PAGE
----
Sep 20, 2017
Full Body Activation

What do you get when you combine a deep squat, a push-up, and a squat jump? An all around workout with a funny name — the burpee. Merging each of these exercises into one, the burpee strengthens the legs, chest, back, arms, and core at the same time.

In an article for, Andy Haley, CSCS, explains that the burpee is a great way to build general strength throughout the body. Because of the combination of movements, it also increases heart rate and strengthens the cardiovascular system. Whether used for cardio or building muscle, the burpee enhances athletes’ ability to produce strength even when they are tired — a skill that is important to all athletes during the last minutes of a game. Bryce Smith, USAW, echoes this sentiment in an article for Invictus.

“No matter what your goals are, burpees can have a positive effect on your fitness not just physically but mentally,” he writes. “The constant repetition and frustration of the movement builds character and perseverance. It teaches you to keep going during even the toughest of times.”

Another benefit of burpees is the lack of needed equipment. The only requirements are an athlete and an open space. And it isn’t only beneficial to certain athletes. According to Smith, burpees can be used for training in any sport.

“I have used burpees to train basketball players simulating having to pop back to your feet after diving for a loose ball and with soccer athletes having to get up quickly after a collision or after a shot on goal,” he writes. “I have also used burpees to train volleyball athletes popping up after a dig and with baseball athletes to quickly get to their feet after fielding a grounder, and with surfers practicing a quick transition from the paddle phase to the standing phase.”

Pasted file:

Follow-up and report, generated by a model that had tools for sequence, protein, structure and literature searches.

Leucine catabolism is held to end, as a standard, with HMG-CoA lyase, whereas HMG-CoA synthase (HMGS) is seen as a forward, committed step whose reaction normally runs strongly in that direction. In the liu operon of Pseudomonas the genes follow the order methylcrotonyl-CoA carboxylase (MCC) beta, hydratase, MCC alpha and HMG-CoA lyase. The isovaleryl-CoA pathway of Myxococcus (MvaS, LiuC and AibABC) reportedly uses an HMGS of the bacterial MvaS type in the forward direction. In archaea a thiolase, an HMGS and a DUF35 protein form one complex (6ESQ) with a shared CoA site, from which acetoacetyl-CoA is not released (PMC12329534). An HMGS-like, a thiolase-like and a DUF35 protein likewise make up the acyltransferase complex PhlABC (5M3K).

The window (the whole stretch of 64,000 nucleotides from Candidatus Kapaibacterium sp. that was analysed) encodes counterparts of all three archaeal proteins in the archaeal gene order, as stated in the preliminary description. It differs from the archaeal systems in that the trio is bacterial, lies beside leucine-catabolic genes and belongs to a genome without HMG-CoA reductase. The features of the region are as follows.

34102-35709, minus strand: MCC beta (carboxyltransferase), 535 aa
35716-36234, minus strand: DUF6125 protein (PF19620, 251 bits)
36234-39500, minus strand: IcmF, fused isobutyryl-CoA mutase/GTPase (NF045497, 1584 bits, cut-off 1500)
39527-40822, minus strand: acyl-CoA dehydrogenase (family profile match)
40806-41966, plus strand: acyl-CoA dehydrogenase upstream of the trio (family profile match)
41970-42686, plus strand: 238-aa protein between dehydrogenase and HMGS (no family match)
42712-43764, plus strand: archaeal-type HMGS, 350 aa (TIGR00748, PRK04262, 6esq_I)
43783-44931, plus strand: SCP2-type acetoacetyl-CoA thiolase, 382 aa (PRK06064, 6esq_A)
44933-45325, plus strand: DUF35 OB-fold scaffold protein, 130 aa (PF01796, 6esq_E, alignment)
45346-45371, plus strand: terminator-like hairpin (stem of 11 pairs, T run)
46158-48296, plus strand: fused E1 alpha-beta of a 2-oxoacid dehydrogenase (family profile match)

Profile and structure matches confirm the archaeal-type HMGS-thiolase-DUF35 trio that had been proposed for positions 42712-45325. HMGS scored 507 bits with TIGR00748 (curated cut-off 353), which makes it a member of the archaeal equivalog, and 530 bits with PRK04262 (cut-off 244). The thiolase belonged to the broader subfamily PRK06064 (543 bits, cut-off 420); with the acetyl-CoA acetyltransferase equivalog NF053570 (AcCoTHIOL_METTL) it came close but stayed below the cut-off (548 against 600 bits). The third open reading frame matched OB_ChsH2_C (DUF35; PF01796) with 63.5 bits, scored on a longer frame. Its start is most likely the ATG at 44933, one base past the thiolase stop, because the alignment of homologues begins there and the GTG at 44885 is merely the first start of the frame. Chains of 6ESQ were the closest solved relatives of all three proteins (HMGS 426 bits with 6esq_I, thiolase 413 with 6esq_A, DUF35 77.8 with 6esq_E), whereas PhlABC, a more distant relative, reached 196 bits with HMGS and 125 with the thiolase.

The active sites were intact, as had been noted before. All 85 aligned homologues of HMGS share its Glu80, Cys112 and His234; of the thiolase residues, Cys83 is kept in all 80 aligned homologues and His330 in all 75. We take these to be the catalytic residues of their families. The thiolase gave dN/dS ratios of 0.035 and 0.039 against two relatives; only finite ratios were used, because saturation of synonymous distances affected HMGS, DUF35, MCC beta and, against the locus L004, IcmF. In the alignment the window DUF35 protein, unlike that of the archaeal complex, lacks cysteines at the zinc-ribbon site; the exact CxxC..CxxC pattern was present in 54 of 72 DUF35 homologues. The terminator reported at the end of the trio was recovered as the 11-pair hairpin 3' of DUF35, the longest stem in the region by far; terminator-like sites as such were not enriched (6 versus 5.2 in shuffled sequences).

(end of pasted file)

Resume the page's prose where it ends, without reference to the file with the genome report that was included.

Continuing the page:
As with any exercise, it is important that your athletes know the correct movements in order to keep from injuring themselves and to reap every benefit. Here is a step-by-step description of the burpee, provided by Haley:

  1. Stand with your feet shoulder-width apart.
  2. Squat down and place your hands on the ground positioned like you would for a push-up.
  3. Kick your feet back and assume a push-up position.
  4. Lower yourself into a push-up until your chest touches the ground.
  5. Hop your feet towards your hands.
  6. Stand up and jump up into the air, bringing your arms overhead. Land softly and repeat.

One of the most common mistakes when engaging in the burpee is letting your back sag towards the ground. According to Haley, this can happen easily when burpees are done at a fast pace and as your energy decreases. It’s important to make sure this doesn’t happen, as it can lead to back pain.

“To avoid this dangerous back arch, keep your core tight throughout the exercise,” writes Haley. “As you lower to the ground, think about tightening your abs and maintaining a flat back exactly as you would during a Plank or Push-Up. No exceptions. If you can’t maintain that engagement, stop the set — no matter what the rep count says.”

Another common mistake is landing too hard from the jump, which can add stress to the joints. To remedy this, Haley suggests bending the knees to help absorb the impact. Athletes should also try to land as quietly as possible.

“The same goes when you move down into the push-up position,” writes Haley. “Don’t just throw yourself onto the ground and land hard, stressing your wrists. Make sure to go through each of the specified steps in the exercise instructions so your shoulders and elbows don’t absorb too much impact.”

To see the burpee in action, check out this video from BuiltLean.

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